2. 2. RShunt: The calibration for the current sense shunt resistor. It is essential that this value match the shunt resistor that is used by the CA to sense current flow. Most controllers with direct plug-in CA connectors have resistances in the 1.5-6 mOhm range. For high current shunts used in larger EV’s, they will typically not rate the shunt resistance but instead show the current draw that causes a specific voltage drop. So a 200A 50mV shunt has a resistance of 50mV/200A = 0.25mOhm
      3. 3. VScale: This is used to calibrate the voltage display. The factory calibration is about 31V/V. If you use an external voltage divider, you would set this to match the voltage scaling ratio.
      4. 4. Zero-Amps: Pressing the button here will take the current amperage readings as the “zero amps” reference. After holding the button, you will see two voltages on the screen which are the outputs of the two current amplifiers. They should both be around 2.5V.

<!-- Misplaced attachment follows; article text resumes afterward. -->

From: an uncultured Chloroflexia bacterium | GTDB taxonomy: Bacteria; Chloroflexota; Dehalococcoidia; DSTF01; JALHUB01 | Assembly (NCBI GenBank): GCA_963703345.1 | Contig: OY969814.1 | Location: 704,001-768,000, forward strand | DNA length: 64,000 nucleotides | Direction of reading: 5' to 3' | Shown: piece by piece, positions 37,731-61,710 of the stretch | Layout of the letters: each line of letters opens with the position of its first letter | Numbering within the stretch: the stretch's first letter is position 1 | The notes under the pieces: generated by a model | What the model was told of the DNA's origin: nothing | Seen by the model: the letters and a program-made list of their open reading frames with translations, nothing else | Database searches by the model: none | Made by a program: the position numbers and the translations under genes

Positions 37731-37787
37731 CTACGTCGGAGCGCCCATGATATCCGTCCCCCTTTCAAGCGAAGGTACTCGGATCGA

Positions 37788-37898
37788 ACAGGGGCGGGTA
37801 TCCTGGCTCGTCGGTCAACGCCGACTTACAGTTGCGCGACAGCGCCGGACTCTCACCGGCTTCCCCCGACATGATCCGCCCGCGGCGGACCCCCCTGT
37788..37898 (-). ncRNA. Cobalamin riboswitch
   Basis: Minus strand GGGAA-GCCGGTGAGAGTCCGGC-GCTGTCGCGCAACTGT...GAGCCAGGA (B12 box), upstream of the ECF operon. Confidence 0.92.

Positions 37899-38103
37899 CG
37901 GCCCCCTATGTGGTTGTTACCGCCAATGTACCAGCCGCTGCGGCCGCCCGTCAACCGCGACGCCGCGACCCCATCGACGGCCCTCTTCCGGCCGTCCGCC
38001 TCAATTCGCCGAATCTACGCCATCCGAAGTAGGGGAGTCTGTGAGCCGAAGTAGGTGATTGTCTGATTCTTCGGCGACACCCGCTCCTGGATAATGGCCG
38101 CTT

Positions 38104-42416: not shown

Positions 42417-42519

1. 13.
      1. 1. Main Disp: Here you can choose if the primary display screen shows amps or watts on the lower left corner.
      2. 2. Averaging: This controls the time period for display averaging of the voltage and power readings. The default of duration of 5 corresponds to a 300mS refresh rate, while 6 would be 600mS, 4 would be 150mS etc.
      3. 3. RS232: Allows you to select between a 1Hz or 5Hz data output rate for data logging. The 5Hz rate can show more interesting vehicle dynamics, but the file size on long trips can become quite large.
      4. 4. Vshutdown: This is the threshold voltage at which the display shuts down and the CA powers off to save data. It should not be set lower than 10V or else data may not save correctly. Do not confuse this with the Vlt Cutoff for low voltage pack protection.
      5. 5. Stop Scrns: This allows you to customize which of the 11 display screens shows up on the CA when the vehicle is stopped. Each screen is listed in sequence, with a ‘1’ indicating that it shows up, while a ‘0’ means that it will be skipped.
      6. 6. Movn Scrns: This allows for an even smaller subset of screens to show up when you scroll through the CA’s display when the vehicle is in motion.